Macron's Great Debaters fed up with tax
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French President Emmanuel Macron launched his two-month-long "Great National Debate" in January after weeks of Yellow Vest protesters denouncing him for knowing nothing of the lives of people outside his palace. Halfway into the campaign of town hall style talks, has the perception changed?
Macron appeared shaken by the accusation that he was completely out of touch with the people. In January, he declared in an open letter that he hoped “to transform anger into solutions”, and then launched the "Grand Débat National", proposing thousands of meetings in towns, villages and cities around the country.
Prominent Yellow Vest figures dismissed the move, insisting that it was a sham and that Macron would carry on with business as usual once it was all over.
A key complaint was that the government chose the questions to be addressed, with guideline questionnaires covering only 4 general themes around ecology, democracy, tax and public spending.
Macron later declared that no subject was off-limits and at many town debates time has been allotted for “other issues”.
What do the debates look like?
I went to the town of town of Andrésy, about 30 kilometres west of Paris, for its first debate.
It’s a small place with a population of about 1,200. About 60 people turn up.
Apart from a man who came to the town years ago as part of a programme to resettle Tibetan refugees, they all fit a similar profile: white and over 45 – fairly representative of the town, according to the mayor.
People sit down at one of seven tables, each dedicated to one of the 4 themes.
I join the table labelled “other themes”, where the mayor also sits down. He is from the right wing Les Républicains party. He thinks president Macron’s debates are a good idea and is acting as a neutral facilitator.
The man who had originally come from Tibet laments that it’s so difficult to access accommodation with a fixed-term rather than an open job contract. “My Chinese friends tell me in China no one cares what contract you have, they will let you rent property but if then if you don’t pay you have to get out.”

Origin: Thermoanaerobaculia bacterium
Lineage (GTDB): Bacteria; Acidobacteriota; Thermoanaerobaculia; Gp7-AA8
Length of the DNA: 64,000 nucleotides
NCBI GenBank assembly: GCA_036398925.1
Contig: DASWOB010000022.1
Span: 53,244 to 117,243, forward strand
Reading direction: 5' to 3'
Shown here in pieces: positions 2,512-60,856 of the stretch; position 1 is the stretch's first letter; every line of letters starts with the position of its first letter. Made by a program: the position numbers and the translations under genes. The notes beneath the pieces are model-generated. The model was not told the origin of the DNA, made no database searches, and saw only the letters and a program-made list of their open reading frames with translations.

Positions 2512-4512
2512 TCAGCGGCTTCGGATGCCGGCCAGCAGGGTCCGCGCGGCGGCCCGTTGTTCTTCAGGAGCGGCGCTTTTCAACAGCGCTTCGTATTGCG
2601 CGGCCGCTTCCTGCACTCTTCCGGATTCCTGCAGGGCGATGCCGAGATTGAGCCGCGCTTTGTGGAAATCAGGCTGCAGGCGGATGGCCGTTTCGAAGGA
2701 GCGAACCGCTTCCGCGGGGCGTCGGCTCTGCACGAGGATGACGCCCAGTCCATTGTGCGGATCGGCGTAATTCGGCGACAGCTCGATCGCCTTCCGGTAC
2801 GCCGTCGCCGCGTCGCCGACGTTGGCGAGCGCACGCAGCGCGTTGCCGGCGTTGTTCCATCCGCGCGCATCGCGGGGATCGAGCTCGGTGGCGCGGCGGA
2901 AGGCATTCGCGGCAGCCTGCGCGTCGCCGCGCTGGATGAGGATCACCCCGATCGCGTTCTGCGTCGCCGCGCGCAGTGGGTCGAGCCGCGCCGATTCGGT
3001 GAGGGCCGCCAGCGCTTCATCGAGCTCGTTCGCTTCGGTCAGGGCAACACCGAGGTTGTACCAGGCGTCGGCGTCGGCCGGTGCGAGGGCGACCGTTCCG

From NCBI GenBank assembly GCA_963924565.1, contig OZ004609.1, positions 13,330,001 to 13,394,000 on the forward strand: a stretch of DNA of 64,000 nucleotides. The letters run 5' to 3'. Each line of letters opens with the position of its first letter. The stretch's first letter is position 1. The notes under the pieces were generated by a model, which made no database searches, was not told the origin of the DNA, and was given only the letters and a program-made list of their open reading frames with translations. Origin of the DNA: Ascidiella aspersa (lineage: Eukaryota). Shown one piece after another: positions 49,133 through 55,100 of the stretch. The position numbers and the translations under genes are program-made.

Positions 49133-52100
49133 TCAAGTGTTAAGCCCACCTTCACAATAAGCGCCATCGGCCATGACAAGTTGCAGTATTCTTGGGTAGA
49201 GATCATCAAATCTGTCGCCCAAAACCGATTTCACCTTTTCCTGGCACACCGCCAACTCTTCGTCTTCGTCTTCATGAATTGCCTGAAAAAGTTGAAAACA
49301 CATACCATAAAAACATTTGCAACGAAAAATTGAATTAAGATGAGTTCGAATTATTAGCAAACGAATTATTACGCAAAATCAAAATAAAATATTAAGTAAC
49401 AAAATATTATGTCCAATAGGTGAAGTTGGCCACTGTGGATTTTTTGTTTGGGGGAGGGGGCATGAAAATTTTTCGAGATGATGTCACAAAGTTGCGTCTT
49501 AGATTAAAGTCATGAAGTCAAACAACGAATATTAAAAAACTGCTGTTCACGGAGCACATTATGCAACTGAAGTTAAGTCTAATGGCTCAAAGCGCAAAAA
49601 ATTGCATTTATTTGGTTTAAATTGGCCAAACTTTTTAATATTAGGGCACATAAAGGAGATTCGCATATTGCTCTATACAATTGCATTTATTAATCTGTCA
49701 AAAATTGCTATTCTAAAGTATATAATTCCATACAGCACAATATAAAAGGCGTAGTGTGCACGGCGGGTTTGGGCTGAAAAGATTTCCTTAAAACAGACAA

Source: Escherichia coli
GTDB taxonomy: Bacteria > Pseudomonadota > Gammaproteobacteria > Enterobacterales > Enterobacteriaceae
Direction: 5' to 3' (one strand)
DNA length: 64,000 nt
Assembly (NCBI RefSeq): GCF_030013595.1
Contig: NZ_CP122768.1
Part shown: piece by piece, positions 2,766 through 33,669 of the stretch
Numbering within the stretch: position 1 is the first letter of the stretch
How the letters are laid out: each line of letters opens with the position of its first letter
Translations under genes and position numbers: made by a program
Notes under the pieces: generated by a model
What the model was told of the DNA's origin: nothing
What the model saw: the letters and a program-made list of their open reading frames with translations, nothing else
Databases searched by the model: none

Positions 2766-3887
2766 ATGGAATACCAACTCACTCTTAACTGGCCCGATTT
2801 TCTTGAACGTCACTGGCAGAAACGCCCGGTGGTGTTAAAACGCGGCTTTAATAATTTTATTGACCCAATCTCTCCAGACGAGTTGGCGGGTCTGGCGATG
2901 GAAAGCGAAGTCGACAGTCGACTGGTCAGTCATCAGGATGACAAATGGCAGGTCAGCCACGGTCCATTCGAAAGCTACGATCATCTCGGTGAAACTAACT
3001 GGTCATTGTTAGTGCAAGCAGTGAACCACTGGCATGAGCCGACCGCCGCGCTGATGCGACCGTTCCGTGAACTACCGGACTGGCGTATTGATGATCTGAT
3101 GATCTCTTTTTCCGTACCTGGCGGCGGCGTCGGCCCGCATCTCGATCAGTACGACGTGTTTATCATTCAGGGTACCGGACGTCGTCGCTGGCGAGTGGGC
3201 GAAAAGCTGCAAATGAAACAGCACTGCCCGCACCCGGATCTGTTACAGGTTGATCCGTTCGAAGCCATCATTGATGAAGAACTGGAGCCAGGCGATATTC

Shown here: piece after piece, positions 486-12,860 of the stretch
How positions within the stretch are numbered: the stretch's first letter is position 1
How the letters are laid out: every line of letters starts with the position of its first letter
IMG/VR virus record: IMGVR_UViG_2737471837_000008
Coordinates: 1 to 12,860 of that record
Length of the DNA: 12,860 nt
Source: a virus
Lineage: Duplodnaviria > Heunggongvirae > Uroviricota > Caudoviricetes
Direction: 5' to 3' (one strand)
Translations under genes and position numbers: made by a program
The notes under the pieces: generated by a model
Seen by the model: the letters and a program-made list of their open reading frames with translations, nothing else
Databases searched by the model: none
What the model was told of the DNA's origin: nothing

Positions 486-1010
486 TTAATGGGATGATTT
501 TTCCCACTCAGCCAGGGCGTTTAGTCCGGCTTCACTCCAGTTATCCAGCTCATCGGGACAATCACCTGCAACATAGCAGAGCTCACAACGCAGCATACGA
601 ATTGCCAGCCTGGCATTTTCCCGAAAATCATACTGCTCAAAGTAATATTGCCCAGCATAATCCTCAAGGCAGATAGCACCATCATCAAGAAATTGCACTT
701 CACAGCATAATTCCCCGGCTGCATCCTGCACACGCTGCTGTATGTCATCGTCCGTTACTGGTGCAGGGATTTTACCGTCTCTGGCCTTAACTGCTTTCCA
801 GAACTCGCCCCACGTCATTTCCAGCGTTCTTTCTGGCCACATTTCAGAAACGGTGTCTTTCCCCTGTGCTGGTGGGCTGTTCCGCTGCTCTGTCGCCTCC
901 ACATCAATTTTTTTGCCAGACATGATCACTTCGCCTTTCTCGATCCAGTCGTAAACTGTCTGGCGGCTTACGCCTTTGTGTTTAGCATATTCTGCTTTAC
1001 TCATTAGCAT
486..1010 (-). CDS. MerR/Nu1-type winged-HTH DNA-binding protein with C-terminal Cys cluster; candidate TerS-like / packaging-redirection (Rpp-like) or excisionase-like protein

A lady in her late thirties thinks banks ask for too much proof of financial security before authorising loans.
There is an awkward silence as people run out of things to say and then the group write down their view that the government should consider “measures” which might limit property speculation and reduce the price of property.
Over at the 'Organisation of the State and Public Services' table they are talking about snow and how long it took to clear the roads after a recent heavy bout.
A lady in her 60s remarks that the snow used to be cleared much more quickly and that the local authorities “had got rid of some of the necessary [snow-clearing] equipment” and that "they shouldn’t have".
One man suggests that more people buy snow tyres. He says that not everyone has a car, heavy snowfalls are not frequent and it's not worth spending a lot of public money on snow clearance.
At the 'Democracy and Citizenship' table a woman proposes that MPs be selected at random from ordinary citizens. Another agrees, suggesting it would be a good thing if more ordinary people who worked in business, the health sector or education, became MPs. A system under which they could return to their jobs after a stint in parliament would be a good idea, she offers.
Taxes: the burning issue
The Yellow Vest protests erupted amid fury over increases in fuel tax. The movement was strongest in rural or small town areas with little public transport where people rely on their cars.
Residents of a suburban town like Andrésy would seem to need their cars but when I sit down at the table dedicated to 'The Transition Towards a Greener Environment', one environmentally-conscious woman says with a smile “the problem with our table is that we all agree”.
They note down that the government should make repair workshops compulsory in each town, and outlaw the sale of products which can’t be repaired.
The table devoted to 'Tax' is by far the liveliest.
Everyone agrees that the government cannot just keep raising taxes. "We need to re-think how the money is spent," says one man.
“Where does all the money go?” says someone else.
One participant says students should pay more for higher education as they do in other countries – that if they were forced to take out bank loans they would take their education more seriously. There is little enthusiasm for his idea.
They all agree that they would like their taxes to be spent on research and development.
But NOT on training.
Several people assert disapprovingly that the budget for training is “huge” already. One woman describes its use as “frighteningly wasteful”.
They are unanimous in what they want and they write down their wishes.
They want fewer layers of government. Many local and regional councils could be stripped away they say. But local mayors and the teams are important.
They want less waste.
They want projects implemented more quickly, lamenting that too much time elapses between ideas and their implementation.
The whole evening lasted two hours and when it was over, those I spoke to were pleased.
They welcomed the chance to talk to one another and seemed comfortable sharing their ideas. The questionnaires and other accounts of the meeting, as well as online contributions, will now be sent "up to the government" to be analysed under the supervision of independent guarantors.
In April, the results of the great consultation with its giant suggestions box will be made public.
And then Macron must react.
He knows he will need to show that he has listened and he will need to come up with some concrete response to demonstrate that the exercise was not, as some maintain, a massive public relations exercise.